On the 2020 diamond market, he noted that demand growth, particularly in China, the US, India and Australia, was showing strong post-Covid recovery, which was pushing its way through to stock market valuations. “And we know there’s a correlation between stock market valuations and diamond prices; that correlation was a little bit disturbed, but is now back, we think, with diamond prices rising quite strongly. Inflation started to appear but very much recent information it seems as it’s not quite as frothy as one might have expected, but no doubt as the world roars back from the Covid crisis, we may well see some inflation, and, of course, that’s helpful for diamond prices,” he said.

He described the 2020 holiday retail season as being strong, with the maturing Chinese and Indian consumer markets continuing to show strong growth trends.

Midstream inventory and debt levels decreased substantially and this part of the diamond pipeline was in relatively much better shape than for some time.

“And we’re not finding, at this point, the synthetic diamonds are having any impact on the demand or the prices for the sorts of goods that the Letšeng orebody delivers,” he said, adding that being the highest dollar per carat kimberlite producer was a good position to be in.

“We’ve had a good year in terms of recoveries on almost all categories, but particularly the top end,” he said.

Elphick said Gem had been participating in trials to capture additional value, involving its goods being polished into the high-end luxury brands strategy, and the company was capturing some of the additional value between rough and polished and finding its way into the brand. So far we’ve had a good experience and we’re pushing these trials out further to see what it might mean in the longer term. We're quite excited about that,” Elphick said.

Mining Weekly put these two questions to Gem relating to going green and decarbonising:

  • What steps is Gem taking to be carbon neutral. Is Gem replacing fossil electricity with renewable energy, and when will Gem likely be carbon neutral? Or will the company opt for carbon offsets?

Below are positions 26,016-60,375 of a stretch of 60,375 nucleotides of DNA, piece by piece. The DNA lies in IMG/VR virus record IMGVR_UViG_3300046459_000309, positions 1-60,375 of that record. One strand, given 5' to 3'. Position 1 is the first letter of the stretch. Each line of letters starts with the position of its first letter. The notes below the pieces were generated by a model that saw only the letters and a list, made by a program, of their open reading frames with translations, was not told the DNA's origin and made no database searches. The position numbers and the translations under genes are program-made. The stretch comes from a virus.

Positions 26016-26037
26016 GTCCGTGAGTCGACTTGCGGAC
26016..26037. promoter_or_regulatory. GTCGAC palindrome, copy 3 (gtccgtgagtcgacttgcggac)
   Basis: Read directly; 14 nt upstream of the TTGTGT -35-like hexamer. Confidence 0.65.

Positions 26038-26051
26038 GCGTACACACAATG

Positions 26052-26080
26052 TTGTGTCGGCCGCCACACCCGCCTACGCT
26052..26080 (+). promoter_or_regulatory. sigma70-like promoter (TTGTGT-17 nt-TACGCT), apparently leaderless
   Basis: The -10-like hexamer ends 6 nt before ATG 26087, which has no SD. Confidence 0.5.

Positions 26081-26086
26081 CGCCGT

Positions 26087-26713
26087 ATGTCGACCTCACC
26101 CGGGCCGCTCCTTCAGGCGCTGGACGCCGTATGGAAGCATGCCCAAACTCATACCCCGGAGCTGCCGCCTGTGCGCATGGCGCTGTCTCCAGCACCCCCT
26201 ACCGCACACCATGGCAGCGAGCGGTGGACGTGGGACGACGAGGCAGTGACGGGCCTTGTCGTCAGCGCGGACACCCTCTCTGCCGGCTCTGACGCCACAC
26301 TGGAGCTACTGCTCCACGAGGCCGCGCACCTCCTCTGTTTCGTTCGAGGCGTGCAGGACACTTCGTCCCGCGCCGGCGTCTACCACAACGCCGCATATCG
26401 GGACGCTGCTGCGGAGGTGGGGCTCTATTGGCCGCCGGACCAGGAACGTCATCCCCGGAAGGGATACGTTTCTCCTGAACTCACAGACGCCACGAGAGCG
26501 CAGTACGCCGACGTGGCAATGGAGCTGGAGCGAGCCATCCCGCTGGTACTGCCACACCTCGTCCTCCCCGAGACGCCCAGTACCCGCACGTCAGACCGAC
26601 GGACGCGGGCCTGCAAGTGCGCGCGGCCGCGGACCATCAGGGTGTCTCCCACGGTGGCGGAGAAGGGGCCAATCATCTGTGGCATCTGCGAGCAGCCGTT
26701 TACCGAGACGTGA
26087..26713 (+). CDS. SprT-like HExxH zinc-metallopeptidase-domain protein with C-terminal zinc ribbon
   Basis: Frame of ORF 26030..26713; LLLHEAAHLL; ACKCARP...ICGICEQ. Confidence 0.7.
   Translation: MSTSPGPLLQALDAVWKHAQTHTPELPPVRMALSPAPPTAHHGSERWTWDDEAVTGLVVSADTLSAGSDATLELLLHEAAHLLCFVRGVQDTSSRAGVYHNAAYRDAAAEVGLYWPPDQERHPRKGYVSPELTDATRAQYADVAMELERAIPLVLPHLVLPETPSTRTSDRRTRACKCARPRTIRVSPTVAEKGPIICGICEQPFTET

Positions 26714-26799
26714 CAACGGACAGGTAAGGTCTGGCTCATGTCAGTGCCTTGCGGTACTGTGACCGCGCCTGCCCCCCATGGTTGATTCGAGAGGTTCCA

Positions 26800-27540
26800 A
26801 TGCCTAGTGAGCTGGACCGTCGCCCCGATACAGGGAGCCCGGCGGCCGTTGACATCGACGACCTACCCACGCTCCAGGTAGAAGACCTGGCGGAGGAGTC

• What value does Gem place in potentially becoming a miner and a marketer of carbon-neutral diamonds, or is the market not demanding decarbonised diamonds currently?

In response, Elphick said: “Diamonds are carbon so it is difficult to sell non-carbon diamonds. I’m not trying to be facetious, but we haven't got into this in as much detail as your question is assuming.

“There is a big debate on the footprint of mining and there’s quite a complicated answer. There is a little bit of work being done particularly on man-made diamonds to what their carbon footprint and how their carbon footprint is hugely in excess of naturally mined diamonds.

“If you wouldn’t mind us coming back to you in time with a more considered answer to get into best practice, but at this point, frankly I don't have an intelligent answer to give you. Buying carbon offsets – that’s the same issue.

“With respect to replacing fossil electricity with renewable energy, we have looked at this in some detail, particularly solar and wind, and the combination. We have assessed this quite often and unfortunately the outcome of that is not good enough from a cost perspective to make a transition right now.

“It is moving in the right direction and there will come a minute when that is right. Of course, we have to also assess, not just a straight-forward cost question, but the cost of not doing this and what that does to our contribution to the planet. It’s not just a simple cost answer, but just to give you comfort there that we have looked at this in great detail over a number of years,” Elphick said.

Profit for the year from continuing operations was $27.5-million and attributable profit from continuing operations $16.9-million.

Earnings a share from continuing operations were 12.1c and cash on hand $49.8-million as at December.

At Letšeng, 100 780 ct were recovered in the 12 months to December 31, with waste mined totalling 15.6-million tonnes.

Ore treated of 5.4-million tonnes was below the 6.7-million tonnes of 2019.

Edited by Creamer Media Reporter